We received a letter this week from one of the two missionaries in the previous district that already left for Mongolia.  He talked about the food that he's been eating.  We have also talked about food for a bit in class.  Way better than everyone thought.  Apparently there is some sort of stir-fry (seriously looks like Mongolian bbq) that’s fantastic.  They eat meat filled dumplings like they're going out of style and some sort of fried dough.   Vegetables and fruits actually are available, and apparently the stews are great.  The only questionable items so far is the aaruul which is some sort of candy.  It looks like decorative hotel bath soaps and has been described by our teacher as tasting like baby vomit.  Elder Woodward said it was like cheese that went bad 30 years ago and tasted nothing like cheese.  However my teacher also said that by the end of his mission he couldn't get enough of it.  Along with the candy is the drink airig which is the liquidized form of the candy and is usually drunk hot as you come in from the cold.  The teachers also loved this by the end.  It’s gotta be better than caju juice, although I’m sure it’s no abacaxi. (a Brazil reference that may be lost on a few of you.  Ask my family.)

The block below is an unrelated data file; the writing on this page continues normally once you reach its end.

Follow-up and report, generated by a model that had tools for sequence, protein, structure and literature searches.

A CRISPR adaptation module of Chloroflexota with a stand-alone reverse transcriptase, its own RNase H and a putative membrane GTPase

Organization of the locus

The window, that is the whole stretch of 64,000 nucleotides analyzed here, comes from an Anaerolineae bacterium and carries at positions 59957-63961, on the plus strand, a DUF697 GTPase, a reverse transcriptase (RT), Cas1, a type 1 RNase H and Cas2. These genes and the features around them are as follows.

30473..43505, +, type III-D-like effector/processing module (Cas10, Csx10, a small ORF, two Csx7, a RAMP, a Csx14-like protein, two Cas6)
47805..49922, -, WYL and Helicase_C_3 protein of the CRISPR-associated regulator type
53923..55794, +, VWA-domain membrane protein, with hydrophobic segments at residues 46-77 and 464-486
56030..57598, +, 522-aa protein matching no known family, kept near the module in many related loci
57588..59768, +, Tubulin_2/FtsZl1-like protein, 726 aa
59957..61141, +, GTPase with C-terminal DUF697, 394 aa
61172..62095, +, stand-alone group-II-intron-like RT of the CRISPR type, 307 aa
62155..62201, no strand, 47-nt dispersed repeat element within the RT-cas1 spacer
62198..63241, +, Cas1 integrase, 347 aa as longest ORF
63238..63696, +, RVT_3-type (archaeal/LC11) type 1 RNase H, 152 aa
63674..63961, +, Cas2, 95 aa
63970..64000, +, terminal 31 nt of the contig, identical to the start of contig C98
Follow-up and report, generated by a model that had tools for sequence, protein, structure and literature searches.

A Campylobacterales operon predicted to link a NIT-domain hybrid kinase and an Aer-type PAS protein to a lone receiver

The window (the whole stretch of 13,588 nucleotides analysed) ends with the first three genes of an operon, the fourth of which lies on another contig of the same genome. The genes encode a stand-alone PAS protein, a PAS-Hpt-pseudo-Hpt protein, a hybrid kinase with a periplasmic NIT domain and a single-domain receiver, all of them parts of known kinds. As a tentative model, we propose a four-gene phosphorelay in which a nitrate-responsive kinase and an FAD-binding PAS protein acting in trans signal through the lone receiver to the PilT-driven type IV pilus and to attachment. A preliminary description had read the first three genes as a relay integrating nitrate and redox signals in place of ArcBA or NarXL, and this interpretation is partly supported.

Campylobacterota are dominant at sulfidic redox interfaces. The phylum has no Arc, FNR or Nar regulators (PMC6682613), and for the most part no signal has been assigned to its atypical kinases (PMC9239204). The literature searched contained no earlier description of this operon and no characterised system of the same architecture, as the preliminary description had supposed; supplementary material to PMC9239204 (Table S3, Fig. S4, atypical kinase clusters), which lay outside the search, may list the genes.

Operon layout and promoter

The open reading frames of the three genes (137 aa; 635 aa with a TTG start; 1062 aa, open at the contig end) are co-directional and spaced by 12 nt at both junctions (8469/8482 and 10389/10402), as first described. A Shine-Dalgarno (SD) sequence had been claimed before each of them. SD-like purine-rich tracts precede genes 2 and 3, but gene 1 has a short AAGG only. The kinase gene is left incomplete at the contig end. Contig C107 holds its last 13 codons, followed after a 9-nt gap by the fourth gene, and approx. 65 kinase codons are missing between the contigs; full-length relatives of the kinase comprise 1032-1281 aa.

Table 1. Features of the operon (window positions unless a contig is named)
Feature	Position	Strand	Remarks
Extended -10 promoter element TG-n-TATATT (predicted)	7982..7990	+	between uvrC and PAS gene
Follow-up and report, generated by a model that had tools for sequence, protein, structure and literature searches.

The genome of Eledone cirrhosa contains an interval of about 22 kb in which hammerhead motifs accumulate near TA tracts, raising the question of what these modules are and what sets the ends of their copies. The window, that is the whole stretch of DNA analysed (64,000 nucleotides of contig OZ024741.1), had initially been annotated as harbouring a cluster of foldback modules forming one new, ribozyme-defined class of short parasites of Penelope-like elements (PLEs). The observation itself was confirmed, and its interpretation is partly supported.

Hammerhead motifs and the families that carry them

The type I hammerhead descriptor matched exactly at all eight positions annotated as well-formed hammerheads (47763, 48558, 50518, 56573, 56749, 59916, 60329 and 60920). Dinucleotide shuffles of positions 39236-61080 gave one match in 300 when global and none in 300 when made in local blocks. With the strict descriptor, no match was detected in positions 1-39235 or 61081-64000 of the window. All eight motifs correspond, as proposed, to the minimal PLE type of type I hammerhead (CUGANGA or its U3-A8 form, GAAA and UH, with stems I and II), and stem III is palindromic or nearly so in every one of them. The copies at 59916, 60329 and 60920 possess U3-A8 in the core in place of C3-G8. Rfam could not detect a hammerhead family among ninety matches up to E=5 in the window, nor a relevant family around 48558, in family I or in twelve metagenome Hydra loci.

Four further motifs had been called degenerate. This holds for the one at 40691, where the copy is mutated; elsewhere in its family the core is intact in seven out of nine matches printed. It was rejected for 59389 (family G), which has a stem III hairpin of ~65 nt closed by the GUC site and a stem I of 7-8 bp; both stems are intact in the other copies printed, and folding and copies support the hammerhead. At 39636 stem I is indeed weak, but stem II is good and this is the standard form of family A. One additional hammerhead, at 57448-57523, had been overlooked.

All of the Roman alphabet speaking missionaries (Spanish, German, Portuguese, etc.) are getting their travel plans this week.  I can’t believe we will have been here seven full weeks tomorrow.  Most of the 9 weekers are crazy to get out of here, like they couldn’t stand another week.  However, there’s a certain calm in our district and the other 12 week programs because we realize that we need all the language teaching we can get before we get out of here.  None the less I pumped out of my mind to get to Mongolia.  The first thing we do when we get there is head straight to the Zax (huge open market) to by huge coats.  Which seems like a good idea because apparently the coats there are a lot warmer and a lot cheaper.  This seems like a good idea except for the question of how we are going to keep our blood in liquid form on the way to the market.  hahaha  oh well.